Lesson 3 How Is Wind Measured?

© Teachers’ Curriculum Institute


INVESTIGATION

Measuring Wind Speed for Five Days In this investigation, you will use your anemometer to measure the wind for five days. Record the wind speed at the same place for five days. Record the time at which you made the observation.

Day

Time

Š Teachers’ Curriculum Institute

Wind Speed (Circles per 30 seconds)

Wind Speed (Circles per minute)

Lesson 3 How Is Wind Measured?

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INVESTIGATION

Make a bar graph that shows your data from measuring wind speed for five days. Give your graph a title. Title: _____________________________________

Tit

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Lesson 3 How Is Wind Measured?

© Teachers’ Curriculum Institute


INVESTIGATION

Vocabulary Match the term to the correct definition. Word Bank

anemometer

wind vane 1. A tool that measures wind speed. 2. A tool that measures the direction wind comes from.

My Science Concepts Reflect on your understanding. Draw an X along each line. Anemometers measure wind speed by spinning when wind blows into them. They spin faster when the wind blows faster and harder. Wind vanes measure wind direction. They point in the direction the wind is blowing. Windsocks measure both direction and strength.

still learning

know it

The sun heats Earth’s surface unevenly. Warm air tends to float and rise. Cool air sinks or stays low. Cool air moves in to replace the rising warm air. This movement creates wind.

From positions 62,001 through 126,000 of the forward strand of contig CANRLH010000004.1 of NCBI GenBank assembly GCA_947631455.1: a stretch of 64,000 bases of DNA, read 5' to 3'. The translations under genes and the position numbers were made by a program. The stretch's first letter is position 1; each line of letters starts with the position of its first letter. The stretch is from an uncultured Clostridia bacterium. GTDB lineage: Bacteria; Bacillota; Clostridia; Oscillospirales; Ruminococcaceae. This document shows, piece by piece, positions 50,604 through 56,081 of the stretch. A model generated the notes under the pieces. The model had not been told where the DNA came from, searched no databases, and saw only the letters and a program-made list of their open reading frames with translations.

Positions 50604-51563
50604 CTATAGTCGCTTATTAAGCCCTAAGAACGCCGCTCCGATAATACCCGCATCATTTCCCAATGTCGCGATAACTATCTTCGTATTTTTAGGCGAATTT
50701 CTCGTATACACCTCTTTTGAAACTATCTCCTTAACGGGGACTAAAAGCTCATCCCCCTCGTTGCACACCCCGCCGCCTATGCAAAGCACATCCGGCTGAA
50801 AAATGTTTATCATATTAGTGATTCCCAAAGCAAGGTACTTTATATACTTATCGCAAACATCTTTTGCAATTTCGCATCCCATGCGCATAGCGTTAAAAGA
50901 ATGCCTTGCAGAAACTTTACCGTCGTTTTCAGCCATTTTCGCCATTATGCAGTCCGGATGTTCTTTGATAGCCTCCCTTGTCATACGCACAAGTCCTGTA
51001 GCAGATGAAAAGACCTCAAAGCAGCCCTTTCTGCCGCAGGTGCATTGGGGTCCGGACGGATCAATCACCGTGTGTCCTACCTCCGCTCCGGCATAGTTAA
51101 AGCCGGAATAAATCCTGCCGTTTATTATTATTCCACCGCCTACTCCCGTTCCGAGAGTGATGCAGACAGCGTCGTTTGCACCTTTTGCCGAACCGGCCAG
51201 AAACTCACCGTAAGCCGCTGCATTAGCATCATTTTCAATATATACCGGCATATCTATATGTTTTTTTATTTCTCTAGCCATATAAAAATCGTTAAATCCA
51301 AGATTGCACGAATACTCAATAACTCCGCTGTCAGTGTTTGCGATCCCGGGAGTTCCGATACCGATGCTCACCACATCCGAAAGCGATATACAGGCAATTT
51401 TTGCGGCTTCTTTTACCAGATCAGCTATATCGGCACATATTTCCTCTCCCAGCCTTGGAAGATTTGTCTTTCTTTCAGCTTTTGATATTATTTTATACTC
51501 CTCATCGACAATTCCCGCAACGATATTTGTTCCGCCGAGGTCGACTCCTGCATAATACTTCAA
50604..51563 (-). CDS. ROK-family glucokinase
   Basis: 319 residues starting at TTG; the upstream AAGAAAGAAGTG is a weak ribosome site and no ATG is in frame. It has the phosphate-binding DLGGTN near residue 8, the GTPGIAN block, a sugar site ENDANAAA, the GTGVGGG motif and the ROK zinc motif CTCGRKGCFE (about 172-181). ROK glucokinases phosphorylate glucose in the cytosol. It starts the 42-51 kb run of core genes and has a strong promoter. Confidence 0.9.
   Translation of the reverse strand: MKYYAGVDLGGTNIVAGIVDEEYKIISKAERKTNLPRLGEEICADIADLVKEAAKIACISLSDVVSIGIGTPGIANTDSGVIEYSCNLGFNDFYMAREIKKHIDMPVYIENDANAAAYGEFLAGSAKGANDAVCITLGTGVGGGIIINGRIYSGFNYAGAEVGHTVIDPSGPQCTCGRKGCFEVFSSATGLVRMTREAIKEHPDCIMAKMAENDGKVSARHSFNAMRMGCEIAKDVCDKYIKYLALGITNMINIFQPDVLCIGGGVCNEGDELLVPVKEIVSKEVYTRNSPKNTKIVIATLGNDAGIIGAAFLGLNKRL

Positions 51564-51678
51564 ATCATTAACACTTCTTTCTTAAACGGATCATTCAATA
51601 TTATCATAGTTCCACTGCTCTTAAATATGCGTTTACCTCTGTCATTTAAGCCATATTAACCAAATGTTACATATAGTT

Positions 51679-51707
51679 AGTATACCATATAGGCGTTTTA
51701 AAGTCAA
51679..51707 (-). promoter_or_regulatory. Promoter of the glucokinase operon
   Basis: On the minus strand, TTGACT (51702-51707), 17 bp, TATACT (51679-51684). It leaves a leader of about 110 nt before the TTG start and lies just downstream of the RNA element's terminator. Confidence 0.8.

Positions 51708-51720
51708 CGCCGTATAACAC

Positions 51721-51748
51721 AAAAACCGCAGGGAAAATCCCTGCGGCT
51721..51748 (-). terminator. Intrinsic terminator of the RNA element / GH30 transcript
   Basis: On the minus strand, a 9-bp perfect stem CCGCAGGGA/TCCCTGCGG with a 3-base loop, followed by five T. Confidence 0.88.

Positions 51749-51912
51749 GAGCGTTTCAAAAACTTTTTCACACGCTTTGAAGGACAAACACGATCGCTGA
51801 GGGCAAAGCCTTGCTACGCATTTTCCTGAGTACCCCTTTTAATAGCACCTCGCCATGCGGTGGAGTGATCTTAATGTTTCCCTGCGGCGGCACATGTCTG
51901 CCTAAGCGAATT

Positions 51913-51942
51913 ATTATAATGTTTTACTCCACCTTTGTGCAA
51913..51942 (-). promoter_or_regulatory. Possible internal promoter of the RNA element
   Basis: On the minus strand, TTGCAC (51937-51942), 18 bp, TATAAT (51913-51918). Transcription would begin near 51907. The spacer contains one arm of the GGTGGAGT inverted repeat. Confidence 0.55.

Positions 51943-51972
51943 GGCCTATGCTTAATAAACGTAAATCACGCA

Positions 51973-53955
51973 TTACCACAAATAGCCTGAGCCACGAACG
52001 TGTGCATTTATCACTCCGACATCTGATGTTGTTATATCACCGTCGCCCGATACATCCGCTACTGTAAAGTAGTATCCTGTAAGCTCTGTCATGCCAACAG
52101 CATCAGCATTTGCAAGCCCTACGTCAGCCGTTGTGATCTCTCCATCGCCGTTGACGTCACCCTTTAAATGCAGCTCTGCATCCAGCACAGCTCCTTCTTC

still learning

know it

Looking for patterns that are specific to a location can help make predictions about wind around the world. For example, near a body of water, the direction of the wind depends on whether it is day or night. The strength will likely vary over the course of the day, too. In areas of the United States, the wind may blow west to east most often because of the prevailing winds (Westerlies). Other geographic features, such as mountain ranges, play a significant role as well.

still learning © Teachers’ Curriculum Institute

know it Lesson 3 How Is Wind Measured?

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TEXT WITH

NOTES

1. The Sun and Wind You have probably felt a breeze blowing across your skin or seen tree branches bending during a storm. What The air is constantly heating up causes wind? and cooling down, which means Recall that the sun’s energy heats that air is always on the move. Earth’s surface. But it does not heat the This motion of the air is called ground evenly. Some places are sunnier wind. than others. Shadows from clouds can cool an How Wind Forms area. Warm air is lighter than cool air. So, it rises. Cooler air sinks or stays low. When warm air rises, cooler air moves in from the sides to take its place. The air in different places is always heating up or cooling down, which means it is always moving. This movement of air is the wind. The force of the wind pushes on and moves objects. You see this when leaves blow or flags flap. You can feel the force of wind on your skin on a breezy day.